Safety in Drones

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Are you using or considering the use of drones for invasive plant survey and control?  If so, you may want to subscribe to a free biweekly newsletter created as part of Aircraft Owners and Pilots Association effort to promote safety and education for all airspace users, including drone pilots.

Stay abreast of the latest technology, safety recommendations, and news affecting the drone community.

Sign up for this free newsletter to stay informed about the latest drone developments. 

 

Cattle Grazing Effects on Phragmites australis in Nebraska

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Authors: Jerry D. Volesky, Stephen L. Young, and Karla H. Jenkins (2016) Invasive Plant Science and Management: April-June 2016, Vol. 9, No. 2, pp. 121-127.
Phragmites australis (common reed) is a widely established invasive plant in wetlands and riparian areas. A three-year study was initiated in Nebraska to evaluate targeted cattle grazing, herbicide effects, and the nutritive value of this species. Results suggest that cattle will utilize Phragmites, and the cumulative effect of grazing has the potential to reduce P. australis populations. However, other methods would have to be used for greater control and site restoration. READ FULL PAPER.

Invasibility of three major non-native invasive shrubs and associated factors in Upper Midwest U.S. 2016.

By KEITH MOSER AND OTHERS.

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Three invasive shrubs, multiflora rose, non-native bush honeysuckles, and common buckthorn, were found to have significantly increased in presence and expansion. Resource managers and planners are encouraged to prescribe control and mitigation treatments for non-native invasive plants by forest types and spatial locations close to highways and residences. READ ARTICLE.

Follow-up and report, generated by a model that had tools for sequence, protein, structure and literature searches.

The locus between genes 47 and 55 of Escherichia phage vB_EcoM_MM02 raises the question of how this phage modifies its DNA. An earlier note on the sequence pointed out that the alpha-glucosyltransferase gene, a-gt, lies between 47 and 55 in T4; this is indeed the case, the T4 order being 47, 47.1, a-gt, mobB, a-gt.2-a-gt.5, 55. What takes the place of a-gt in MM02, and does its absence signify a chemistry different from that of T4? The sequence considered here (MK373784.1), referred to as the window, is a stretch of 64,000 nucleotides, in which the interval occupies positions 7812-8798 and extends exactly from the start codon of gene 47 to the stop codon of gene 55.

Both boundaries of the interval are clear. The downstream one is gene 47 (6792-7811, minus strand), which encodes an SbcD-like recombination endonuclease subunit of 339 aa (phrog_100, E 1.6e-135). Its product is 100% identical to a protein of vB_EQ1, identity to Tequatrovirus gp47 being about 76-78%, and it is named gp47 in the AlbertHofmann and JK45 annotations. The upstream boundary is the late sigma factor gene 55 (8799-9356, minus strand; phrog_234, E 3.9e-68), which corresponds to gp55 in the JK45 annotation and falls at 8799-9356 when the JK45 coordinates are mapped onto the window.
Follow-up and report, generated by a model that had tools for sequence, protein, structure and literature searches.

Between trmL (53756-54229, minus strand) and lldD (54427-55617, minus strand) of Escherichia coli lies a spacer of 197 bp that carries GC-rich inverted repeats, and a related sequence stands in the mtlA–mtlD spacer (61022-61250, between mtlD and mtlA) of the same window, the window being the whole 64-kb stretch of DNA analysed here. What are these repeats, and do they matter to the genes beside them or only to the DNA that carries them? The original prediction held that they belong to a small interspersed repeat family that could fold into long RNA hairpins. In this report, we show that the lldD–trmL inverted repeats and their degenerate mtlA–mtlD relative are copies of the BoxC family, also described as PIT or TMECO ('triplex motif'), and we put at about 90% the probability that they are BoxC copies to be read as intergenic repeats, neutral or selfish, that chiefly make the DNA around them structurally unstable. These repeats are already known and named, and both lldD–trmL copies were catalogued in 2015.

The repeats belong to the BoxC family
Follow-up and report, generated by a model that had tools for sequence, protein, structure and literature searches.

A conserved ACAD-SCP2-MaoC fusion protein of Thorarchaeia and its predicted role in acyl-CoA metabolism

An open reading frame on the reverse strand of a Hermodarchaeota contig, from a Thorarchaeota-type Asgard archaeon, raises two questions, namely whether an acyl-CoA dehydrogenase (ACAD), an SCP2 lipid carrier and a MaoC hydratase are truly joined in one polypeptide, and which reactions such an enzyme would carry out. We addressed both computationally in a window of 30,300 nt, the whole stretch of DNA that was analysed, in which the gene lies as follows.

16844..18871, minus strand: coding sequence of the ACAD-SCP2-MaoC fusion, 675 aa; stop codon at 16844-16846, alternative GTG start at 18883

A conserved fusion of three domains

Invasive Russian Knapweed (Acroptilon repens) Creates Large Patches Almost Entirely by Rhizomic Growth. 2017.

By JOHN GASKIN AND JEFF LITTLEFIELD.

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Research results indicate that expansion of Russian knapweed patches is almost entirely by rhizomes with long-distance dispersal by seed. Controlling seed development may be effective at stopping long-distance dispersal, but treatment methods that control roots are needed to affect expansion of existing patches. READ ARTICLE.

Invasion Shadows: The Accumulation and Loss of Ecological Impacts from an Invasive Plant (Japanese stiltgrass), 2017.

By Daniel R. Tekiela and Jacob N. Barney.

This article describes how the impact of weedy plants can linger for years.  Newly established invasive populations don’t produce the same level of lingering legacy effects as those that are long established, making early eradication imperative.  READ THE FULL ABSTRACT.

Native Grass Establishment following Application of Pyridine Herbicides, 2017.

By Rodney Lym and others.

Results of a regional study, to evaluate the effect of several herbicides on cool- and warm-season native grass species establishment, showed that Milestone can safely be used to control susceptible invasive plants preceding grass species establishment.  READ MORE

Invasive Plant Inventory and Early Detection Prioritization Tool

Invasive Plant Inventory and Early Detection Prioritization Tool

Utah State University partnered with the U. S. Fish and Wildlife Service (USFWS) to conduct invasive plant prioritization workshops and inventories on selected National Wildlife Refuges across the United States. A result of this partnership is the Invasive Plant Inventory and Early Detection Prioritization Tool (IPIEDT) and associated user's guide.  READ MORE

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The National Seed Strategy for Rehabilitation and Restoration 2015-2020

The National Seed Strategy for Rehabilitation and Restoration 2015-2020

The National Seed Strategy for Rehabilitation and Restoration 2015-2020 (PDF, 12MB) promotes the use of native plant materials to restore plant communities and support healthy ecosystems. The National Seed Strategy, a collaboration between 12 federal agencies and over 300 non-federal partners is led by the Bureau of Land Management.

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